A lot or a little?
The parents' guide to what's in this game.
What parents need to know
Parents need to know Resident Evil: Operation Raccoon City is an extremely violent, bloody, and gory shooter. Similar to past games in the best-selling series, you can kill with headshots, decapitate, and dismember. Much of the gore is shown up-close and in slow motion to exaggerate the brutal killing. Parents should know the game can be scary, too, with grotesque mutants who jump out at you. The game also has strong profanity, and players can talk freely online via headset microphone with strangers.
What's it about?
RESIDENT EVIL: OPERATION RACCOON CITY provides a different, darker spin and alternative perspective to the events depicted in Resident Evil 2 and Resident Evil 3. Rather than a solo experience as with past games, this is a team-based shooter that places you as a member of the Umbrella Security Service, tasked with destroying all evidence of the Umbrella corporation’s involvement in the t-Virus outbreak. Played from a third-person perspective, you must not only take on the U.S. Spec Ops (a group tasked with uncovering the truth you are trying to hide) but also zombies. Fans of the franchise can expect the return of familiar Resident Evil enemies, locations, and characters -- including Leon S. Kennedy and Jill Valentine -- who are now on your list of enemies to destroy. This new game also delivers four different multiplayer modes for up to eight players, where you can play as previous protagonists in the series.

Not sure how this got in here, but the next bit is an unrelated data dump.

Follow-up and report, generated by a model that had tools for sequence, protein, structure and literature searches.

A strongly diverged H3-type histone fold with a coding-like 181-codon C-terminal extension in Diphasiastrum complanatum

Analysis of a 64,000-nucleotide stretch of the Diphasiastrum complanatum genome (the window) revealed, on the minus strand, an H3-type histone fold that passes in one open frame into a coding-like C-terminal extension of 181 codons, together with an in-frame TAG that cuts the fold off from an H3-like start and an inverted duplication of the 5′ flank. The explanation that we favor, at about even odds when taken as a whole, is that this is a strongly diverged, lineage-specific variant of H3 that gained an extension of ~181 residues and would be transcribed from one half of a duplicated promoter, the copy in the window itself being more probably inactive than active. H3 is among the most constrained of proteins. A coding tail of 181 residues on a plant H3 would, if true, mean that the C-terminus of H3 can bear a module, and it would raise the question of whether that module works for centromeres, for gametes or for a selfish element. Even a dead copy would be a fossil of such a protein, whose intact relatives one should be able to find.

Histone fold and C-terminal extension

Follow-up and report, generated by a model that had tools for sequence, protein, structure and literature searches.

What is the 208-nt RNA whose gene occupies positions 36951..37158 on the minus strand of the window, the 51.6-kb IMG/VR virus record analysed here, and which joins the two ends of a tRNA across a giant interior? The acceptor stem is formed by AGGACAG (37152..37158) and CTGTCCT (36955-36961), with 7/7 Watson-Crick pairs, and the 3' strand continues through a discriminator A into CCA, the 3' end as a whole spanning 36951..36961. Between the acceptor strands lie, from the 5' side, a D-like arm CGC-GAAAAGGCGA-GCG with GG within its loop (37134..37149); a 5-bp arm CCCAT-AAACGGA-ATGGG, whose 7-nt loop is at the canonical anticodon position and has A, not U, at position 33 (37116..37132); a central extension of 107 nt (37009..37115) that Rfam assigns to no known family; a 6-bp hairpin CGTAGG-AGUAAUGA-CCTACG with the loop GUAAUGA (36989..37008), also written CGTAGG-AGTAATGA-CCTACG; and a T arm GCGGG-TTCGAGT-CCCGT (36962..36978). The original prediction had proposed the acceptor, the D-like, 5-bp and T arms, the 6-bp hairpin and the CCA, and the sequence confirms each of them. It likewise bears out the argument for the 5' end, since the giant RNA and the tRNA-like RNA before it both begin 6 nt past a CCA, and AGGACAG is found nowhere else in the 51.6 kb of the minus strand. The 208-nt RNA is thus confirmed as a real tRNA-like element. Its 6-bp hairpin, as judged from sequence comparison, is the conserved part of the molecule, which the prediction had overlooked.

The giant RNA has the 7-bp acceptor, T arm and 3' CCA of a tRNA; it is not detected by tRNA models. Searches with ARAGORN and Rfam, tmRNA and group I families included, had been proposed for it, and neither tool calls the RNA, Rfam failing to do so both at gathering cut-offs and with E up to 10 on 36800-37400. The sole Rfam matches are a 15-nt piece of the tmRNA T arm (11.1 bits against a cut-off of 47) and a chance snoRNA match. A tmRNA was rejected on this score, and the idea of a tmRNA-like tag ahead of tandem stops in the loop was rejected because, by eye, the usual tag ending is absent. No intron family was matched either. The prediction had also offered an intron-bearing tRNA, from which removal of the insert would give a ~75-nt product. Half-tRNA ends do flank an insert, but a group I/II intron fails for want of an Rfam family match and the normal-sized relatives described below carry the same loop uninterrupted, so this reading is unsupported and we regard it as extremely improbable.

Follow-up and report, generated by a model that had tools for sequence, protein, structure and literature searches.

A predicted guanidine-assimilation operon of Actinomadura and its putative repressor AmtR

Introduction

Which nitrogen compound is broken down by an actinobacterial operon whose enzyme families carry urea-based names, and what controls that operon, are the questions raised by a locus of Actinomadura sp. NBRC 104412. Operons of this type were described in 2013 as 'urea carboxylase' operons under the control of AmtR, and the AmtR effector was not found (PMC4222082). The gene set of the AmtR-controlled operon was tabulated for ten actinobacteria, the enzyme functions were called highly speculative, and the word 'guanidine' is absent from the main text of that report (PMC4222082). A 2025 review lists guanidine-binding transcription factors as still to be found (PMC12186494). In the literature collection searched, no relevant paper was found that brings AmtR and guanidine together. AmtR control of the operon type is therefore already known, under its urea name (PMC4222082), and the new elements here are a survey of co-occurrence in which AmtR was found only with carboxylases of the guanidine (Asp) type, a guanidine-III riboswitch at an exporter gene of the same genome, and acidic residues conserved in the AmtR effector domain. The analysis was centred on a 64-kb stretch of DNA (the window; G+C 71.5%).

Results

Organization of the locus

Is it any good?
Resident Evil: Operation Raccoon City is not a great game. And that's a shame because it's a treat for fans of the franchise to replay a familiar scenario from a different perspective and with different game mechanics. Plus they will find it interesting to have previous heroes as your main targets as well as zombies. But where it excels in its concept it falls short in its execution (if you can pardon the pun). The game suffers from plain and unmemorable set pieces and the lack of atmosphere. And since the characters you play have no personality, background, or interaction with one another, you don't care about who you are and what you're doing.
In addition, the artificial intelligence (A.I.) is terrible -- your teammates' actions, which you can't control, are all over the place (as are the enemies) -- therefore multiplayer is a must. Even there, controls are problematic. Overall, Resident Evil: Operation Raccoon City is a major disappointment on a number of levels and should be left well alone.
Talk to your kids about ...
Families can talk about whether Resident Evil: Operation Raccoon City pushes the envelope even more than other Resident Evil games because you can kill humans -- including U.S. operatives and officers (like Leon S. Kennedy, the star of some previous Resident Evil adventures) instead of just undead zombies. Is there a moral distinction?
What is the impact of playing extremely violent games?
- Platforms: PlayStation 3, Windows, Xbox 360
- Price: $59.99
- Available online? Available online
- Developer: Capcom
- Release date: March 20, 2012
- Genre: Third-person shooter
- Topics: Magic and fantasy, Adventures, Monsters, ghosts, and vampires, Science and nature
- ESRB rating: M for Blood and Gore, Intense Violence, Strong Language
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Common Sense Media's unbiased ratings are created by expert reviewers and aren't influenced by the product's creators or by any of our funders, affiliates, or partners.